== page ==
Subject: Help wanted to bring Africa Streets to Dar es Salaam for the 26-28 June 2018 ITDP MOBILIZE events
Dear Friends of sustainable transport, sustainable cities and sustainable lives, greetings,
Here is what I want to do for our common cause and that just may interest you.. It is a long shot, but after half a day of turning the ideas around in my mind I decided to give it a try and seek counsel on this from our 10k plus international readers.. Let’s have a look.
From the editor’s desk: If you get it, New Mobility policy reform is a no-brainer in 2018. However, while the New Mobility Agenda is a great starting place, it is not going to get the job somehow miraculously done just because it is the only game in town when it comes to sustainable transport. There is plenty of competition for your thin wallet, all that space on the street, and especially for that space between our ears. We have a few potential sticking points here that need to be overcome first.
Let’s have a quick look. After some years of talking with cities, and working and observing in many different circumstances, here is my personal shortlist of the barriers most frequently encountered in trying to get innovative transportation reform programs off the ground, including even in cities that really do badly need a major mobility overhaul.
Walkability is a crucial first step in creating sustainable transportation in an urban environment. Effectively understanding and measuring the complex ecology of walkability has proven challenging for many organizations and governments, given the various levels of policy-making and implementation involved.
In the past, Western and Eurocentric standards have permeated measurement attempts and have included data collection practices that are too complicated to have utility in many parts of the world or at a level beyond that of the neighborhood. In order to expand the measurement of walkability to more places and to promote a better understanding of walkability, ITDP has developed Pedestrians First.
This tool will facilitate the understanding and the measurement of the features that promote walkability in urban environments around the world at multiple levels. With a better global understanding of walkability, and more consistent and frequent measurement of the walkability of urban environments, decision-makers will be empowered to enact policies that create more walkable urban areas.
* Source: https://www.itdp.org/publication/walkability-tool/
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About the editor:
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Bio: Educated as an international development economist, Eric Britton is an American political scientist, teacher and sustainability activist who has worked on missions and advisory assignments on all continents. Professor of Sustainable Development, Economy and Democracy at the Institut Supérieur de Gestion (Paris), he is also MD of EcoPlan Association, an independent advisory network providing strategic counsel for government and business on policy and decision issues involving complex systems, social-technical change, civil society and sustainable development. Founding editor of World Streets: The Politics of Transport in Cities | See Britton online at https://goo.gl/9CJXTh and @ericbritton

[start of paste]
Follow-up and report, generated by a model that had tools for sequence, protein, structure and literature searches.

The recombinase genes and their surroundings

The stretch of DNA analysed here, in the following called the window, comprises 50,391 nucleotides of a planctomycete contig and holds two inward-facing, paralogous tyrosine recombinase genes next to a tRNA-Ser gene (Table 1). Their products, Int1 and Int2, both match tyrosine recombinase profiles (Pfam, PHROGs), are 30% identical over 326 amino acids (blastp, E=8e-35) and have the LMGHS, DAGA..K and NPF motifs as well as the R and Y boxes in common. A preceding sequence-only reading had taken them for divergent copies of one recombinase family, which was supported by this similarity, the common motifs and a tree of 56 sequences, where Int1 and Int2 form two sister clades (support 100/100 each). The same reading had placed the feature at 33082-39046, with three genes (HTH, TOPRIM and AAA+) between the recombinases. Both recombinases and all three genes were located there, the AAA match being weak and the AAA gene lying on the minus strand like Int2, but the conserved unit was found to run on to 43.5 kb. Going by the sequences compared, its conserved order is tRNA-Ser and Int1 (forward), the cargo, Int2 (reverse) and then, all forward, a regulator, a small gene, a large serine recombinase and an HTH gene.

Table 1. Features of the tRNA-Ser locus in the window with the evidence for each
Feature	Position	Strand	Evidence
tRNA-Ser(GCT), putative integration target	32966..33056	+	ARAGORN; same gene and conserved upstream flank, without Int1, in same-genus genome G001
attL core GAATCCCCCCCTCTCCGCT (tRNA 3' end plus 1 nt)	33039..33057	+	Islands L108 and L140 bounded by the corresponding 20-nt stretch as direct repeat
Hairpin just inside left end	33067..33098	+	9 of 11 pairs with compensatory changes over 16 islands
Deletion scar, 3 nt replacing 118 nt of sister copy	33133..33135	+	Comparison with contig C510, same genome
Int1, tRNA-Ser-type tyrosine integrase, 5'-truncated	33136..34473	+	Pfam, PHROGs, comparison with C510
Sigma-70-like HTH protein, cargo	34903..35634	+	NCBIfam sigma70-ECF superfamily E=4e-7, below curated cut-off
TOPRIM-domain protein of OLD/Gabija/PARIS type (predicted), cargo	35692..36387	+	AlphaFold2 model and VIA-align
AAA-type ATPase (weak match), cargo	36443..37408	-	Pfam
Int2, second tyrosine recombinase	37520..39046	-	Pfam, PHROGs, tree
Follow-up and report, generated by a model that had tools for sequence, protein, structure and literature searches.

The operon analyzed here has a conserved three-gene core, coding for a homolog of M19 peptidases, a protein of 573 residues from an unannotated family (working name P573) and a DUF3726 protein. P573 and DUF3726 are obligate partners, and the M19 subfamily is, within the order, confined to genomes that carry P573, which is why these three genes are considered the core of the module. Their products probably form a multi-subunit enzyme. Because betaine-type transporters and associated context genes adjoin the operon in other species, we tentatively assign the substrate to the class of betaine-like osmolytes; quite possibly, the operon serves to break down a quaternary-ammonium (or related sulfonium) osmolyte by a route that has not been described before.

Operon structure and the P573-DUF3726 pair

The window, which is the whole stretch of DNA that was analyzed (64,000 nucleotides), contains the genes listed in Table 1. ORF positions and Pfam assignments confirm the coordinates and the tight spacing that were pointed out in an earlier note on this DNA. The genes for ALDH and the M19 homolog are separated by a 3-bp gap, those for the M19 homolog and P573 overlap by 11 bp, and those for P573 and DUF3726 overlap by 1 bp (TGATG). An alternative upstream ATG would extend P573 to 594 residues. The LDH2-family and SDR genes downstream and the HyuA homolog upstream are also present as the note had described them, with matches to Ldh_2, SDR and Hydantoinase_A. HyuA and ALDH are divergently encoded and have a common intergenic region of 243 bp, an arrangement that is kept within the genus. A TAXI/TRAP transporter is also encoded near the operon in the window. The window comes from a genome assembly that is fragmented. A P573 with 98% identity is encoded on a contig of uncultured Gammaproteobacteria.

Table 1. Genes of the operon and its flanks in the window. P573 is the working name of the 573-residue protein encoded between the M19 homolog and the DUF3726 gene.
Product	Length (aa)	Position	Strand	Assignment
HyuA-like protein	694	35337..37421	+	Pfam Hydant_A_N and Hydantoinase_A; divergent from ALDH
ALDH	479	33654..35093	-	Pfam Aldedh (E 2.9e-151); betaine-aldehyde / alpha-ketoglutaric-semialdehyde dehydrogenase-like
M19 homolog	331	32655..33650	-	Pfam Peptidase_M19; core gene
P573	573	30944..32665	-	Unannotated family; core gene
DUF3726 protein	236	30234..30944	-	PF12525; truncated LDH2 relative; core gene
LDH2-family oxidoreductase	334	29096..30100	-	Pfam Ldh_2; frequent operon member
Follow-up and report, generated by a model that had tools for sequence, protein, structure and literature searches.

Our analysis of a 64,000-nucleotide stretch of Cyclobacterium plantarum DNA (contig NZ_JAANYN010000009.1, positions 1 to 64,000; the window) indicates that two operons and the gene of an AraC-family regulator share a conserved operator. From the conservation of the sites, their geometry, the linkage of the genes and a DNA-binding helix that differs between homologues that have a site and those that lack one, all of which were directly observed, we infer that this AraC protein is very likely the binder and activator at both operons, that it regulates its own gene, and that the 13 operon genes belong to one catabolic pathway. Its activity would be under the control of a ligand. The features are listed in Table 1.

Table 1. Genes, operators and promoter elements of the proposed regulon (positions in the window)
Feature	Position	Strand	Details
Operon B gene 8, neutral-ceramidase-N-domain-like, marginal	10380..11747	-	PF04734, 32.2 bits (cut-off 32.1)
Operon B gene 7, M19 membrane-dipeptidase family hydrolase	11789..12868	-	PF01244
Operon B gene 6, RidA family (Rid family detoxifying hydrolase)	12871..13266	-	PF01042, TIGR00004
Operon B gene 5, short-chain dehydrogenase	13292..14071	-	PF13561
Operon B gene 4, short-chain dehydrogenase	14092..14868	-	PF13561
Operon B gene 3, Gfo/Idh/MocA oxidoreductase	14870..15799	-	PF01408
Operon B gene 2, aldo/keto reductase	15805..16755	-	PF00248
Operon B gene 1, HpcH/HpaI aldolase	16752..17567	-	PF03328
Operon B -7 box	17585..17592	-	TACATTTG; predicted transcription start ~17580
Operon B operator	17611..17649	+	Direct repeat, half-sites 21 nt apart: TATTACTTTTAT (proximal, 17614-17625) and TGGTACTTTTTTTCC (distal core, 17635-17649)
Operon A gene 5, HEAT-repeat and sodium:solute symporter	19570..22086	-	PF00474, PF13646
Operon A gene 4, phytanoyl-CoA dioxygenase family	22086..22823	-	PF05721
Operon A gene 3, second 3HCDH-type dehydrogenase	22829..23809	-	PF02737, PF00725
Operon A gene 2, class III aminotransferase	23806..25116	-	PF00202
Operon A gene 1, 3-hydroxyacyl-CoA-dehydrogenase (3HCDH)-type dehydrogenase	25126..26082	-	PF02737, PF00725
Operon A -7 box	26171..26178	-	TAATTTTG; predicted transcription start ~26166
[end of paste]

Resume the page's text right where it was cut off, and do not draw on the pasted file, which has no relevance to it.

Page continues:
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India’s hurried quest for development and its disregard for road safety have resulted in a major public health problem that demands serious thought and action.
This article by Professor K.S. Jacob, which is central to the matters which bring us together here in the Safe City 2018 Challenge, originally appeared in the pages of The Hindu of 6 October 2010 and was reprinted immediately in our sister publication Streets of India. As with John Whitelegg’s prescient 1993 piece on Time Pollution which was published here on Monday of this week, this independent expert commentary on safe, or rather unsafe, streets helps us to better understand the realities we need to face on the streets of our cities. Continue reading
The above map reports the locations of the 561 readers checking into World Streets over the last five days. (Of our total 7,280 registered readers as of this date.)
But what about them? Where are they coming from? And what do they read? Let’s have a look.
Few things are more frustrating in this needful world than to see useful ideas and hard work ending up anonymously cloistered on some distant dusty shelf, real or virtual, and not be accessible to people and groups who could put them to good work, especially at a time of crisis as that we are living through right now. This was one of the challenges we faced at World Streets from the very beginning. How to keep all these good ideas and useful tools alive and available beyond the day on which they were first published and made known to the world.